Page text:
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Angle of Repose

You don't have to be Pythagoras to enjoy a great Triangle—and get the health benefits of this valuable standing pose.

By Julie Gudmestad

Whether you loved or loathed high school geometry, you probably never dreamed that learning about triangles might someday help you protect your back, improve your posture, breathe more deeply, and decrease the wear and tear on your hips.

But it's true: A refresher course on the geometry of triangles can help you understand how to do Trikonasana (Triangle Pose) more easily and reap the benefits from it. The actions in Triangle may seem subtle, but they can have profound consequences. When you're folded sideways into Triangle, you build strength in your torso muscles, which support the weight of your spine, rib cage, and head against the pull of gravity. As you train the muscles around your shoulders to keep your arms in place, you're not only teaching yourself not to slump but also opening your chest so your lungs can expand more fully. And the increased range of motion you eventually experience in your hips means you distribute wear inside the joints over more of their surface, rather than consistently stressing only a small part of the cartilage lining the joint.

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Reader Comments


My guru says that we connect the index finger and middle finger to the big toe to complete the internal energy circuit. We assume our personal expression of the pose with the body we have and breath ujayi breathing method. After 1000 daily repetitions the posture is perfect!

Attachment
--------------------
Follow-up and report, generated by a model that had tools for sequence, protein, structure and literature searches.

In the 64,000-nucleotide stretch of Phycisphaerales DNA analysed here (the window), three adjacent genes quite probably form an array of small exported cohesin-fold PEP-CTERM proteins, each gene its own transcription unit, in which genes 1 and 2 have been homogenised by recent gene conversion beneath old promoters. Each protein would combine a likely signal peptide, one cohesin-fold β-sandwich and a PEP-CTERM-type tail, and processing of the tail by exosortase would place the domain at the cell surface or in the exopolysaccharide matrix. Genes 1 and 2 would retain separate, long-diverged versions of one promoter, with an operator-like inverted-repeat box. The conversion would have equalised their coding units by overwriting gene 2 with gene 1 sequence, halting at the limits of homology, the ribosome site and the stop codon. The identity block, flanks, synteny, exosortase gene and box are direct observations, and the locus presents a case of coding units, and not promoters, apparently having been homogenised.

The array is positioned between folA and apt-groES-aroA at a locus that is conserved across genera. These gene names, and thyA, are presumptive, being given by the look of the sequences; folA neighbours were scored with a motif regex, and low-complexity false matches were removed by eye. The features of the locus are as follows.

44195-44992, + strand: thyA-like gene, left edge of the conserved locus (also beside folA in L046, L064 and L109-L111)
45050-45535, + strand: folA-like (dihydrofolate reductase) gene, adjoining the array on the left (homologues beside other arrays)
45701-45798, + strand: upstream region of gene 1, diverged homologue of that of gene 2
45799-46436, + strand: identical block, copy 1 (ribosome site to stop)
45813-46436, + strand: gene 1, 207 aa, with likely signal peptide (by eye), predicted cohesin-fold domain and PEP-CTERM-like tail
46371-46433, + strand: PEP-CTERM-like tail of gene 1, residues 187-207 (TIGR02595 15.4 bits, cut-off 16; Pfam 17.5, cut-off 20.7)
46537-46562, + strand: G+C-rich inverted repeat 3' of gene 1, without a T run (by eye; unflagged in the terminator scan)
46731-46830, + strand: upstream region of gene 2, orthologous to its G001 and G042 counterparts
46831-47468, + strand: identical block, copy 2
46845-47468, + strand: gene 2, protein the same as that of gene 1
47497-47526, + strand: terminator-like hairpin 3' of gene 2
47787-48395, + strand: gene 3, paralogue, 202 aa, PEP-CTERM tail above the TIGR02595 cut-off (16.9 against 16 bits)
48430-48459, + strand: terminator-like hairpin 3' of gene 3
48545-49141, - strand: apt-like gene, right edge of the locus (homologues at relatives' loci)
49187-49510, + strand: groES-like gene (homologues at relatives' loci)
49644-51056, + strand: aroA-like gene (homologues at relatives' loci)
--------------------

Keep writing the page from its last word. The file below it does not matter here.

I had a similar experience in an Iyengar class. Years of yoga and I had never injured myself on my own or in a class, but my third Iyengar I injured myself trying to get the exact right alignment. I wish we had had some instruction about that possibility.

As for the article-- I love how this pose opens up my body and makes it feel so spacious inside!

PS Since starting regular yoga my joints feel more healthy, but they are also a lot more noisy. Is that normal?

cathy geier

I often fear iyengar teachers because my shoulder was cranked into position to complete the perfection of an isoceles triangle.
peoples' bodies are different. perfection is not as important as injury free.

That said, I don't see the 90 degree angle espoused in thi sarticle between the spine and the arm.

I don't usually like to use blocks, bu ton this pose I believe that they are very important touse to help create that angle and to keep from having a smaller than 90 degree agle between spine and hip, thus potentially crunching at lower spine and side.

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